Then, read Deb Carpenter Beck‘s assessment of the Family Business Institute‘s Performance Roundtable Program, which provides a rather powerful peer-review program. Beck reports on her conversation with Georgia-based general contractor Chris Sheridan about the group he joined nearly nine years ago:
Since joining the program in 2004, Chris and seven other members of his peer group have met twice a year. All members are from different parts of the country, so there are no competitive issues and members feel completely comfortable sharing information. According to Chris, the goal is to give everyone full visibility into each other’s business. In fact, prior to each meeting they send in all their financial information, including balance sheets, income statements, employee safety reports and salary details. A Performance Roundtable facilitator then normalizes the data for quick comparisons and benchmarking.
The evaluation doesn’t stop there. Meetings rotate between each member’s company office. The person hosting the meeting is asked what he or she wants the group to dig into while they are on-site. Then the group – minus the hosting executive – interviews the company’s employees, writes up a SWOT analysis, and provides a set of recommendations. The resulting conversation is frank and eye-opening.
For Chris, the biggest value of his peer group is their objectivity. “They’ve been able to see things in my business that I couldn’t see myself,” he told me. Based on their recommendations he has improved his business and has a much better succession strategy. He has moved his best project manager – and right-hand man – into a position overseeing other project managers. He now is less involved in day-to-day management and focused on business direction. And he is considering a “youth movement” to continually bring in young workers that will carry the company forward. He also has a good handle on how his company stacks up with his peers in terms of cash position, profit margins, risk, safety and other key measures.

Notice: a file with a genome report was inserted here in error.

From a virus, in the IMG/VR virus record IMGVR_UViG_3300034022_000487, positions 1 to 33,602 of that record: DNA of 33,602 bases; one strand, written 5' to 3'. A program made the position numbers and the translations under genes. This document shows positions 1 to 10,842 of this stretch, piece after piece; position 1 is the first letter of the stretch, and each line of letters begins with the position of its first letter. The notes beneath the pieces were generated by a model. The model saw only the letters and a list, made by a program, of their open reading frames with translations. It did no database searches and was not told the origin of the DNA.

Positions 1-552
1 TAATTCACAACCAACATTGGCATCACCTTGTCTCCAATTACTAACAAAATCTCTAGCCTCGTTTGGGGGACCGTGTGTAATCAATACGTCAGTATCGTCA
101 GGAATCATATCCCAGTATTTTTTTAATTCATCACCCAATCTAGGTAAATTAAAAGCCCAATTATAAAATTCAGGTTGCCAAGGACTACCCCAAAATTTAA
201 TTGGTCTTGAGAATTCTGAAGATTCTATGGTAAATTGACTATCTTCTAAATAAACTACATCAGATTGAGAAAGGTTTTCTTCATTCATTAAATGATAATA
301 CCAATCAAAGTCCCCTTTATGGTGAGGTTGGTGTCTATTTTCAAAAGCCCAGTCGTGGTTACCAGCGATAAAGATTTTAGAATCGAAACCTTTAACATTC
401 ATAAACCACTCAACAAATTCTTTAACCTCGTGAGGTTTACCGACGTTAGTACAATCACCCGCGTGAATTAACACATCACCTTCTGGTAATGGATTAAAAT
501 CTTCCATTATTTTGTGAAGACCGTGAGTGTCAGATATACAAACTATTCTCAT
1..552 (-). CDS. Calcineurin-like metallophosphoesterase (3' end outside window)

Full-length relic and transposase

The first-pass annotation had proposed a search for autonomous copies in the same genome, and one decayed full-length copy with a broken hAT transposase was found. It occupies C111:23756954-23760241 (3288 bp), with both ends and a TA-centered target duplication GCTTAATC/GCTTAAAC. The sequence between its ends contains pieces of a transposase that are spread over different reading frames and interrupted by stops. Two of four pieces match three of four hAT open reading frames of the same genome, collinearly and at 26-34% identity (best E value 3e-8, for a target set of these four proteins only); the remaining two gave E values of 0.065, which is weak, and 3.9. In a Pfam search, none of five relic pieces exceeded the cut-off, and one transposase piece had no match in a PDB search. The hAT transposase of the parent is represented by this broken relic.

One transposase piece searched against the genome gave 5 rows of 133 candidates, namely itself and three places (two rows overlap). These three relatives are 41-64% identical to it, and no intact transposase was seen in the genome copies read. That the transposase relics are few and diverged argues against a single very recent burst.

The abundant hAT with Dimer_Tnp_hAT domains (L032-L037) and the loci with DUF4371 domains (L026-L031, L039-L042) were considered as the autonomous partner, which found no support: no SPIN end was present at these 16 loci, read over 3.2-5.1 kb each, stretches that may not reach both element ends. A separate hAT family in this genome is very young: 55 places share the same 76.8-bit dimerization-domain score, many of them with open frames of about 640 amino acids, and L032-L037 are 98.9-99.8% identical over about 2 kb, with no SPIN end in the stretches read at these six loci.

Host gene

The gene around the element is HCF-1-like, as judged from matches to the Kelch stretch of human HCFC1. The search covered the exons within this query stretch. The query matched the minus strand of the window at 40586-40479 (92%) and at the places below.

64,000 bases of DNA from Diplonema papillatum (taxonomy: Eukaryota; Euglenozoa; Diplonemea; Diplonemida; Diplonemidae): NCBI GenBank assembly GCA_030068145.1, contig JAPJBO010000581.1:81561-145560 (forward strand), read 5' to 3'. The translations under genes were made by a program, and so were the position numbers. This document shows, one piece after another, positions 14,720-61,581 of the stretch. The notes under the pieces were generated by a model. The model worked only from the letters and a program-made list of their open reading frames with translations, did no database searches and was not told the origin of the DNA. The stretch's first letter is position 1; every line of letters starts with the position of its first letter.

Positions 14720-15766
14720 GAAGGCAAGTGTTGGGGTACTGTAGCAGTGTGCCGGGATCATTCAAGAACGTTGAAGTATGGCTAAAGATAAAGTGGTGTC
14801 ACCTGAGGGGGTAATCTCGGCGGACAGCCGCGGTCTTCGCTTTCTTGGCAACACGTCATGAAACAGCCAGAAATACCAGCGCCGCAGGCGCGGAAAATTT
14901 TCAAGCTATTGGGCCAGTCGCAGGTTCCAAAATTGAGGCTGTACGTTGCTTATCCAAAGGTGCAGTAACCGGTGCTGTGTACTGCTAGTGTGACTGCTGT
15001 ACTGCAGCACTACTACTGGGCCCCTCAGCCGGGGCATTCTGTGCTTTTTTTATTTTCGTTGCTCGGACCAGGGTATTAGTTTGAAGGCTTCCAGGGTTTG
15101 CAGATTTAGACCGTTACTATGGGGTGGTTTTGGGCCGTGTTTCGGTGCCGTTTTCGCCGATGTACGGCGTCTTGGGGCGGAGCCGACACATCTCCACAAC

Chris admits that when he first joined the peer group he thought that it would be a good thing to do, but he didn’t realize how much it would positively impact his business. He firmly believes that if he had kept doing the same thing and not made any of the group’s recommended changes, his business wouldn’t survive after his tenure as president. That’s what I call peer power!
To its credit, Sage doesn’t use the blog for overtly commercial interests. You can read and enjoy and benefit from the blog if you elect not to do business with the company (a real plus for blog value). I needed to go elsewhere on the Sage site to discover the company’s profile/message, which I’ll repeat here:
Sage is a world-leading supplier of accounting and business management software to start-up, small, and midsized businesses. Our purpose is to help our customers run their businesses more effectively—helping them gain greater insight into their business activities and providing them with lasting benefits by automating their business processes. Our applications cover a wide range of business requirements, including accounting, customer relationship management, contact management, human resources, warehouse management, and specialized products for specific industries.